Indian Stocks Halt Two-Day Advance as Inflation Sparks Concern

  • Consumer and wholesale inflation both rise above estimates
  • Foreign investors net buyers for longest stretch since 2013

Indian stocks fell for the first time in three days amid concern quickening inflation will limit the central bank’s ability to cut borrowing costs.

Tata Motors Ltd., the maker of the world’s cheapest car, and Sun Pharmaceutical Industries Ltd., India’s most valuable drugmaker, were the biggest losers on the S&P BSE Sensex. Mortgage lender Housing Development Finance Corp. and Axis Bank Ltd. fell for the first time in three days. Infosys Ltd., the second-largest software services provider, dropped for a fourth day as it said it plans a “ramp-down” of about 3,000 employees after Royal Bank of Scotland Group Plc scrapped plans for a spinoff.

The Sensex resumed trading following a holiday, dropping 0.3 percent at the close in Mumbai. The gauge is trading near the most expensive level in 15 months. Indian consumer and wholesale inflation both accelerated more than estimated in July, according to data late Friday and Tuesday, narrowing the room for monetary easing as investors wait to see who will replace hawkish central bank Governor Raghuram Rajan next month.

“The markets are already high valued and even the slightest bad news can spark a selloff,” said Chokkalingam G., managing director at Mumbai-based Equinomics Research & Advisory Pvt. “The inflation numbers have created doubts in some investors’ minds that the rate-cut cycle may be a bit delayed. Some are thinking it’s prudent to take money off the table and lock in the gains."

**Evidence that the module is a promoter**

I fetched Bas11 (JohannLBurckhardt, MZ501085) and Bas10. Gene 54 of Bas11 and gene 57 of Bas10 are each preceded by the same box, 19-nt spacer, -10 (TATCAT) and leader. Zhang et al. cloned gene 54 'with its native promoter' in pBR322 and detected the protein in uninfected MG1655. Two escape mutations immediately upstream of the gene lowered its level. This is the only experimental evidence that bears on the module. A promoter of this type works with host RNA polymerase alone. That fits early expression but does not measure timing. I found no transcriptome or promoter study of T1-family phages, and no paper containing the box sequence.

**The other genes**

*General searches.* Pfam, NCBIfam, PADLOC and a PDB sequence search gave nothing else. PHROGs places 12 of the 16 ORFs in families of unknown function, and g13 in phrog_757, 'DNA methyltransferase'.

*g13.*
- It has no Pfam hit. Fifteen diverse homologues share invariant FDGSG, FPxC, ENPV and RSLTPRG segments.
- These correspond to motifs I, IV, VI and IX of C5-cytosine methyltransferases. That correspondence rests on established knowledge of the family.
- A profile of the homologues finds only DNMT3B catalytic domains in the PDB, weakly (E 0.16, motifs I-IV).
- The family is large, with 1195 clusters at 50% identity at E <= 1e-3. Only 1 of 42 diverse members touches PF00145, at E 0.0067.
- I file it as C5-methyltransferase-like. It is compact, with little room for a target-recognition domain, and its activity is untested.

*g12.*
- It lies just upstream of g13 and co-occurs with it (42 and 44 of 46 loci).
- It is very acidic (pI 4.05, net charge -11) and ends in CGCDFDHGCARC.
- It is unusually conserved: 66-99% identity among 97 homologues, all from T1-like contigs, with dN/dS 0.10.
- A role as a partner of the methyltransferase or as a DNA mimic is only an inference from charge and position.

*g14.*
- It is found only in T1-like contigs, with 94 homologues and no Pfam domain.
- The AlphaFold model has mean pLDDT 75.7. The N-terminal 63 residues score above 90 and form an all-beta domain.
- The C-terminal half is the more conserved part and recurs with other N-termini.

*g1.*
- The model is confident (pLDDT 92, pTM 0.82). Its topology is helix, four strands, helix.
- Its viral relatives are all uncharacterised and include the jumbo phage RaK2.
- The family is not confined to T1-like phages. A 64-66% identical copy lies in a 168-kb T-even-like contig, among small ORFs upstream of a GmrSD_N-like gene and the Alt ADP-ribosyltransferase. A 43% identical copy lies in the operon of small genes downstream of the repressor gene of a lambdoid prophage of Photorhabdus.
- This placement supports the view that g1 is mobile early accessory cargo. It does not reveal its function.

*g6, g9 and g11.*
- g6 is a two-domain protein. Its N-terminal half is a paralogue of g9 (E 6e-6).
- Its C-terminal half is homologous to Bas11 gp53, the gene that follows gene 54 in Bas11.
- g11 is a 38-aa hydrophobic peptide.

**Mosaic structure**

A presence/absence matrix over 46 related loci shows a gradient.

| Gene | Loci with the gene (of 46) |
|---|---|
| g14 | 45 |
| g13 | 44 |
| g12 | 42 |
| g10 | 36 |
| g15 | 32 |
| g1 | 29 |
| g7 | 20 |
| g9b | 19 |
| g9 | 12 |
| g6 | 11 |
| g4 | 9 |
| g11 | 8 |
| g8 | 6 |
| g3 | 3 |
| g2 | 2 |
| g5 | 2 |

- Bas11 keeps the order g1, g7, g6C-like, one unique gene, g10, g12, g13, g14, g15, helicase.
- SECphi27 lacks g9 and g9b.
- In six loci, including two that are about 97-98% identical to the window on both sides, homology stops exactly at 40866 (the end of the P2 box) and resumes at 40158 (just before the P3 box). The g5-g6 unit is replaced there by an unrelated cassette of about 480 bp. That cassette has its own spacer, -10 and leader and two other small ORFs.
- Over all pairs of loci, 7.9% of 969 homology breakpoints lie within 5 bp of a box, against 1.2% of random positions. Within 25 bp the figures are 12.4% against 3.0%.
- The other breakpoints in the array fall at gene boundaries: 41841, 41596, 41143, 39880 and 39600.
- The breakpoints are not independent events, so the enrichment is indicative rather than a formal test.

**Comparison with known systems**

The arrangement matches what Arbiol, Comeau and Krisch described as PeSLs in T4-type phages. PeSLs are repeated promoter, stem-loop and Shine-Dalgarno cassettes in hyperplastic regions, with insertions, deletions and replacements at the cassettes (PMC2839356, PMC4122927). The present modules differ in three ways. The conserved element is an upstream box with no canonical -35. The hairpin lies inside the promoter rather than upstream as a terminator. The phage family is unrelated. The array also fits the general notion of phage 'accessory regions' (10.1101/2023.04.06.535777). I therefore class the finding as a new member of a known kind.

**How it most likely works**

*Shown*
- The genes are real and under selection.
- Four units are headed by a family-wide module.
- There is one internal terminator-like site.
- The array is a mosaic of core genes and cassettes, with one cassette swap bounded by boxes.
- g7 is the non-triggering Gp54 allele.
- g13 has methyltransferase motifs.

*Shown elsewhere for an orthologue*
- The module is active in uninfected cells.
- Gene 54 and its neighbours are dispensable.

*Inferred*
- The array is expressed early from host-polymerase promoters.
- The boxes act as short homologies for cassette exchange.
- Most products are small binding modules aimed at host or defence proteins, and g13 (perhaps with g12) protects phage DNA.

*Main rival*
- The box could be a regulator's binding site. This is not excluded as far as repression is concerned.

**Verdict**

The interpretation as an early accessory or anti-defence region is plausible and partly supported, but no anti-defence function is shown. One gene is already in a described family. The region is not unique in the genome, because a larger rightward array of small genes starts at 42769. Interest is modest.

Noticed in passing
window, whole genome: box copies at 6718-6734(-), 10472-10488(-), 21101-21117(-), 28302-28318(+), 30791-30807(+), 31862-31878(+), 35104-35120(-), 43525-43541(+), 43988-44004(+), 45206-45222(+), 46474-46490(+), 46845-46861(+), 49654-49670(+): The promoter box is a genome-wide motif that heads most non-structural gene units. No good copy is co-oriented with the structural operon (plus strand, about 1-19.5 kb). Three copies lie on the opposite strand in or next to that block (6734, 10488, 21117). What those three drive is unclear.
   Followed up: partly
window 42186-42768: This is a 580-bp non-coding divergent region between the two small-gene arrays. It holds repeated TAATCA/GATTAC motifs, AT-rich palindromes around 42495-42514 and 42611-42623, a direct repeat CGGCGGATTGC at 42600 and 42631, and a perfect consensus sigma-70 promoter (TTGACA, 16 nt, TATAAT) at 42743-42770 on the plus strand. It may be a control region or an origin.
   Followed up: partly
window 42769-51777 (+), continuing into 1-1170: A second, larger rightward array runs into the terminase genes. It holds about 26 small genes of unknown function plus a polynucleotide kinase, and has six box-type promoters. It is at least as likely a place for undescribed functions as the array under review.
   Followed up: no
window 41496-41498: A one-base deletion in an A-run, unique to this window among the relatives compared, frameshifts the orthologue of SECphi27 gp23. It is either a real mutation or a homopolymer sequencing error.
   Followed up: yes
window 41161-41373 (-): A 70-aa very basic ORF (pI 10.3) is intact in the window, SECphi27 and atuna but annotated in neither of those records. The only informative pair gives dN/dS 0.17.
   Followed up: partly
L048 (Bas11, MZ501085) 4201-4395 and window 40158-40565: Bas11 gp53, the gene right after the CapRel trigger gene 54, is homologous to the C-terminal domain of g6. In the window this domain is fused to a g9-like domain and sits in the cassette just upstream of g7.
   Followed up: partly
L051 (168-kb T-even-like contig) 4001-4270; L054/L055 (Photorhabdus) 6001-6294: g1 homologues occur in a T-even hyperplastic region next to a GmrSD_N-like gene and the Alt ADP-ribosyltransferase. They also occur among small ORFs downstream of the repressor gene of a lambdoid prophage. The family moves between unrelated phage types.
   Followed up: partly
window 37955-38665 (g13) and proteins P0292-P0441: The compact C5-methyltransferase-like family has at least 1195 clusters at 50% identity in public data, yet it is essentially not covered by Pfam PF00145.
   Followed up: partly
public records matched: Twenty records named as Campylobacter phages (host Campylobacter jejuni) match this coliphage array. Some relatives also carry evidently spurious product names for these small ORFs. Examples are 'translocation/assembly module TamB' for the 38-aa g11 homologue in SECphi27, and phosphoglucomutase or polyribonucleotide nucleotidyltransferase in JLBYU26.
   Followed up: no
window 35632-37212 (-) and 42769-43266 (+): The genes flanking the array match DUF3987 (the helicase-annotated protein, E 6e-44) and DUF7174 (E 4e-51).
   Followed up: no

Rajan, whose term ends on Sept. 4, kept the benchmark repurchase rate at a five-year low of 6.50 percent on Aug. 9. July’s inflation reading was the highest since August 2014.

Foreign funds have been net buyers of Indian stocks for 25 days through Thursday, the longest stretch in almost three years, as above-average rainfall after back-to-back droughts improves the outlook for company earnings and global central banks remain supportive of growth.

The Sensex has rallied 22 percent from a bear market reached in February. Twelve of the 22 companies on the index that have reported June-quarter results have met investor expectations.

Foreigners bought a net $96 million of local shares on Aug. 11, taking this year’s inflows to $5.4 billion, the most in Asia after Taiwan and South Korea. The Sensex is valued at 16.3 times projected 12-month profits, near the highest since April 2015. The MSCI Emerging Markets Index is valued at a multiple of 12.7.

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